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January 31, 2012 - Image 8

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The Michigan Daily, 2012-01-31

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8 - Tuesday, January 31, 2012

The Michigan Daily - michigandaily.com

Horford's season in question

By BEN ESTES
Daily Sports Editor
To say the last month-and-a-
half has been a frustrating time
for Michigan forward Jon Hor-
ford would be an understate-
ment.
The sophomore has not
played a game since Dec. 10 due
to a stress frac-
ture in the fifth NOTEBOOK
metatarsal
bone in his right foot.
For a while, Horford's injury
didn't seem to be that serious,
and most didn't expect that he'd
still be sitting so long after the
injury first came to light. Hor-
ford actually played through
pain in the win over Oakland
at the Palace of Auburn Hills -
Michigan coach John Beilein
revealed that he sustained a
"stress area" in his foot after the
game against Iowa State a week
before.
At the time, Beilein said he
would rest Horford to prevent
the relatively minor injury
from becoming something more
serious. Considering the then-
20th-ranked Wolverines were
facing a pretty breezy three-
game stretch of mid-major
opponents before opening the
Big Ten season, Beilein's deci-
sion seemed natural.
But then Horford didn't play
against Penn State in the con-
ference opener, and Beilein
announced that Horford was
"week-to-week." A medical
redshirt became a legitimate
option, pending an MRI.
That MRI didn't reveal fur-
ther damage, but an X-ray a
couple weeks later showed that
Horford indeed had a stress
fracture in the metatarsal, put-
ting a potential return this sea-
son even further in doubt. While
he hasn't traveled to several of
Michigan's road games, Horford
did make the trip to Columbus
on Sunday in street clothes. He
said he's been frustrated having
to sit out.
"But that's life, and my team-
mates have been real supportive
of me," Horford said. "It's been
hard, it's always hard when you
can't play. Everyone's been help-
ing me stay up, and hopefully
in the near future I can be 100
percent."
In recent weeks, Beilein has
given periodic updates on Hor-
ford's status. First, he was doing

0
"
S

MARISSA MCCLAIN/Daily
Michigan coach Brady Hoke coached the Wolverines toa 10-2 regular season.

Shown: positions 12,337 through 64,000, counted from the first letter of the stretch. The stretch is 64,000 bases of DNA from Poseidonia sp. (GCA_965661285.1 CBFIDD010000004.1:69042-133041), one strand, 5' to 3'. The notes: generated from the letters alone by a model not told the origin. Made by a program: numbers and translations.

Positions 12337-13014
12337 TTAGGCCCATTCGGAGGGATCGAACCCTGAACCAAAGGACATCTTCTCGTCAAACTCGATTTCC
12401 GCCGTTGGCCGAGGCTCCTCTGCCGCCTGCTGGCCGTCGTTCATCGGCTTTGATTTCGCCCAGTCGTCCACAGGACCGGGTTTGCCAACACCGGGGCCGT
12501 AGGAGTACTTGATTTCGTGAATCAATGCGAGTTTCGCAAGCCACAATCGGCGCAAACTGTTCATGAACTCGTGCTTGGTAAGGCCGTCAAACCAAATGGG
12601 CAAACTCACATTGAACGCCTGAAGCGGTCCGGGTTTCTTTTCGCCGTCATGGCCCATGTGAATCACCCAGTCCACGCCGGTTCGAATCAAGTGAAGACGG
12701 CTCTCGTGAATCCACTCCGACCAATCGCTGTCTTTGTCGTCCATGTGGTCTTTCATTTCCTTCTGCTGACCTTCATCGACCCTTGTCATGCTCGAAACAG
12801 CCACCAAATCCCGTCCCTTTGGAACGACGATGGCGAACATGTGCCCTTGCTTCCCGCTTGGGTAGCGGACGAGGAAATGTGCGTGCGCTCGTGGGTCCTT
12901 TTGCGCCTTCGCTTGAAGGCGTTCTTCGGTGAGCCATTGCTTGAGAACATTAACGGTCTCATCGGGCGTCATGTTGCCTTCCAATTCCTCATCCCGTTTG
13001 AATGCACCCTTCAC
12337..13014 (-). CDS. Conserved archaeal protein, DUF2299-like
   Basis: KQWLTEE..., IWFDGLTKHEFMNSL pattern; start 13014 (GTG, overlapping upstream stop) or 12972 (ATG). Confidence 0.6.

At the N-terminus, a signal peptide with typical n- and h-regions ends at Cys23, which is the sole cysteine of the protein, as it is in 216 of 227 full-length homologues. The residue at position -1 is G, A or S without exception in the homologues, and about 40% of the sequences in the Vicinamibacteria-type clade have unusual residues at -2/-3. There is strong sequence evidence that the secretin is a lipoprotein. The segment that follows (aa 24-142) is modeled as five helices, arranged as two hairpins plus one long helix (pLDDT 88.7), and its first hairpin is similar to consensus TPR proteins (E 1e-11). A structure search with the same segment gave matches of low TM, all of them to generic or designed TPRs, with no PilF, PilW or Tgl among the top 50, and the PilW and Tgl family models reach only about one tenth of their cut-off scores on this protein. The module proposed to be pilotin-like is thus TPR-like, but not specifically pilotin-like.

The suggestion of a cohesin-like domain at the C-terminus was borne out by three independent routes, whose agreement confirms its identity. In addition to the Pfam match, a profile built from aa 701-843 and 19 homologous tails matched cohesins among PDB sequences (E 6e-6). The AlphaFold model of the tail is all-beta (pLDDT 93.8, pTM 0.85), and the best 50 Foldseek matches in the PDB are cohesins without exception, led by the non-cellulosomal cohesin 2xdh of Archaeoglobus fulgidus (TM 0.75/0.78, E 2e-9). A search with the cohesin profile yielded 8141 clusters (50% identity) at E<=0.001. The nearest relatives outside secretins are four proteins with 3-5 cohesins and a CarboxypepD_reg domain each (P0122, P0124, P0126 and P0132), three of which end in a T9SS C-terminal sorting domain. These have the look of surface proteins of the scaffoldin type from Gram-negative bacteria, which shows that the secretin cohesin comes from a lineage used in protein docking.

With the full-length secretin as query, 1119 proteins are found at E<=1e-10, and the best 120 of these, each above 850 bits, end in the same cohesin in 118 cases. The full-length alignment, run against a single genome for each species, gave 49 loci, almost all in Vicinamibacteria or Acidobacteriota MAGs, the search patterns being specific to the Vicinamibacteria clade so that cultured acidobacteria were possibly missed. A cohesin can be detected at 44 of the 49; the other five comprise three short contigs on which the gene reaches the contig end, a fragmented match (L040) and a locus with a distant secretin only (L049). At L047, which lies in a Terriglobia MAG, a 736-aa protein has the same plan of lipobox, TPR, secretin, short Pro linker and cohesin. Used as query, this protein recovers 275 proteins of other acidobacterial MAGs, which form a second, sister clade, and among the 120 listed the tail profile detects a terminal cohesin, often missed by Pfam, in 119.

Hoke is third coach
to receive Maxwell
Award at Michigan

ADAM GLANZMAN/Daily
Sophomoreforward Jon Horford was injured against Oakland and hasn't entered the lineup since December.

rehab work on his own. Then, he
came back to practice doing only
some of the activities. He finally
resumed practicing full-go last
week, but Beilein said he was
rusty and wouldn't play until
he got back to full health. It's
unclear if that will happen soon.
Considering Horford still
hasn't played, and since Michi-
gan (6-3 Big Ten, 16-6 overall)
has just nine regular-season
games remaining, it appears
more and more likely that Hor-
ford will sit the rest of the year
and take a redshirt.
The move would have several
advantages. For one, it would
break up the sophomore class,
which has four other players.
The departure of five players
two years from now would hurt
roster continuity. It would also
help space out the big men on
the roster, as one of his class-
mates is redshirt sophomore
Jordan Morgan.
And Horford would have an
extra year of eligibility, mean-
ing this wouldn't be a wasted
season.
But on the flip side, the Wol-
verines are hurting for depth,
especially in the frontcourt.
Sophomore forward Evan
Smotrycz is much more natural
as a "4" man but has been forced
to take the backup center role.
And while Morgan has done a

better job of avoiding foul trou-
ble this season, he's still liable to
slip up. When he and Smotrycz
both pick up too many fouls - as
was the case against then-No.
4 Ohio State and its burly front
line on Sunday - the team's